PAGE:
Apple has removed malware-infected apps from the App Store after the company acknowledged its first security breach, agencies report.
A malicious program was found in a number of applications used by owners of iPhones and iPads in China.
This first-of-its-kind security breach exposes a rare vulnerability in Apple’s mobile platform, multiple researchers said.
According to them, the infected apps can transmit information about a user’s device, prompt fake alerts that could be used to steal passwords to Apple’s iCloud service, and read and write information on the user’s clipboard.
Apple said the hackers had embedded a malicious code into the apps by persuading developers to use a counterfeit version of the firm’s own software.
The program called XcodeGhost allows hackers to collect data from devices.
The infected applications include many used by iPhone and iPad owners in China such as Tencent’s hugely popular WeChat app, a music app from Internet portal NetEase Inc., and an Uber-like car hailing app Didi Kuaidi.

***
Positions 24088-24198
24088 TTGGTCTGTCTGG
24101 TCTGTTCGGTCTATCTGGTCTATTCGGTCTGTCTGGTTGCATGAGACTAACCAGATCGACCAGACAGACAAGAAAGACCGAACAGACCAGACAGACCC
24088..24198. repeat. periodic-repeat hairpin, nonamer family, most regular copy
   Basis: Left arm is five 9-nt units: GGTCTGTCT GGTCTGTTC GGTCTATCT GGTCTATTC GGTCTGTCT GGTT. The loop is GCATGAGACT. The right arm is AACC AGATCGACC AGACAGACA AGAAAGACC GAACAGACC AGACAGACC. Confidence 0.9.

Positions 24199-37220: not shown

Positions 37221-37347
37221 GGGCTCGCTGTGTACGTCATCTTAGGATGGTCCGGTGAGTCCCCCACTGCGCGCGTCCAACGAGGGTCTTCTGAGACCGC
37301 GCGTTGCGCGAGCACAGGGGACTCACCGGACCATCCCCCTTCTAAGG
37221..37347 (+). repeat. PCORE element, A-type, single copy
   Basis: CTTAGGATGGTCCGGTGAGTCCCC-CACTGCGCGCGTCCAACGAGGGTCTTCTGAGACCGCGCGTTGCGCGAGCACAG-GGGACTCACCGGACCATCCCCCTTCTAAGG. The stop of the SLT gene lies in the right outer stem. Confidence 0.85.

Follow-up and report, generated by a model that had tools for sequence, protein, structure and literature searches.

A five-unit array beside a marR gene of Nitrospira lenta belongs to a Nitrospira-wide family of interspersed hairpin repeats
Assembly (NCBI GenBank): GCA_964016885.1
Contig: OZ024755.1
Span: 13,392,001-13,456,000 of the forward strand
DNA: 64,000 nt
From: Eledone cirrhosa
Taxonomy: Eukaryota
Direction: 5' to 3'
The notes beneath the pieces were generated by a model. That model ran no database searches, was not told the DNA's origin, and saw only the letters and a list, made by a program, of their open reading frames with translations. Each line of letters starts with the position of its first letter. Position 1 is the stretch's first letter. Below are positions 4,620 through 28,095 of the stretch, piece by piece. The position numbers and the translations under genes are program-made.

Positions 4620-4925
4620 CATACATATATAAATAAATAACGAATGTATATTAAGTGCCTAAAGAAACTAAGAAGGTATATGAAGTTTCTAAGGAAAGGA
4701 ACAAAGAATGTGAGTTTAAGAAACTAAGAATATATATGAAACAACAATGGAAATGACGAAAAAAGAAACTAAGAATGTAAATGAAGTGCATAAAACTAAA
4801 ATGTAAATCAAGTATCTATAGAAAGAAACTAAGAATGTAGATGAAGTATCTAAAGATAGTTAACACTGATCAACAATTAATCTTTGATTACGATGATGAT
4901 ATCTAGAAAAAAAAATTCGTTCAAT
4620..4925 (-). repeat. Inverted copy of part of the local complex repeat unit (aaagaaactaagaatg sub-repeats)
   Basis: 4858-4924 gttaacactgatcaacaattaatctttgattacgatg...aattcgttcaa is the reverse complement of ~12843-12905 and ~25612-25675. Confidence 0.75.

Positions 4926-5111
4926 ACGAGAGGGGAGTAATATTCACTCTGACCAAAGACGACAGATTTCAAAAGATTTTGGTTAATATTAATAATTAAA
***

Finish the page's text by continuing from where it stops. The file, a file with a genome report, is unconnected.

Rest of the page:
An Apple spokeswoman said the apps had now been removed.
“We’ve removed the apps from the App Store that we know have been created with this counterfeit software,” Apple spokeswoman Christine Monaghan said in an email. “We are working with the developers to make sure they’re using the proper version of Xcode to rebuild their apps.”
She did not say what steps iPhone and iPad users could take to determine whether their devices were infected.
Palo Alto Networks Director of Threat Intelligence Ryan Olson said the tainted version of Xcode was downloaded from a server in China that developers may have used because it allowed for faster downloads than using Apple’s US servers.
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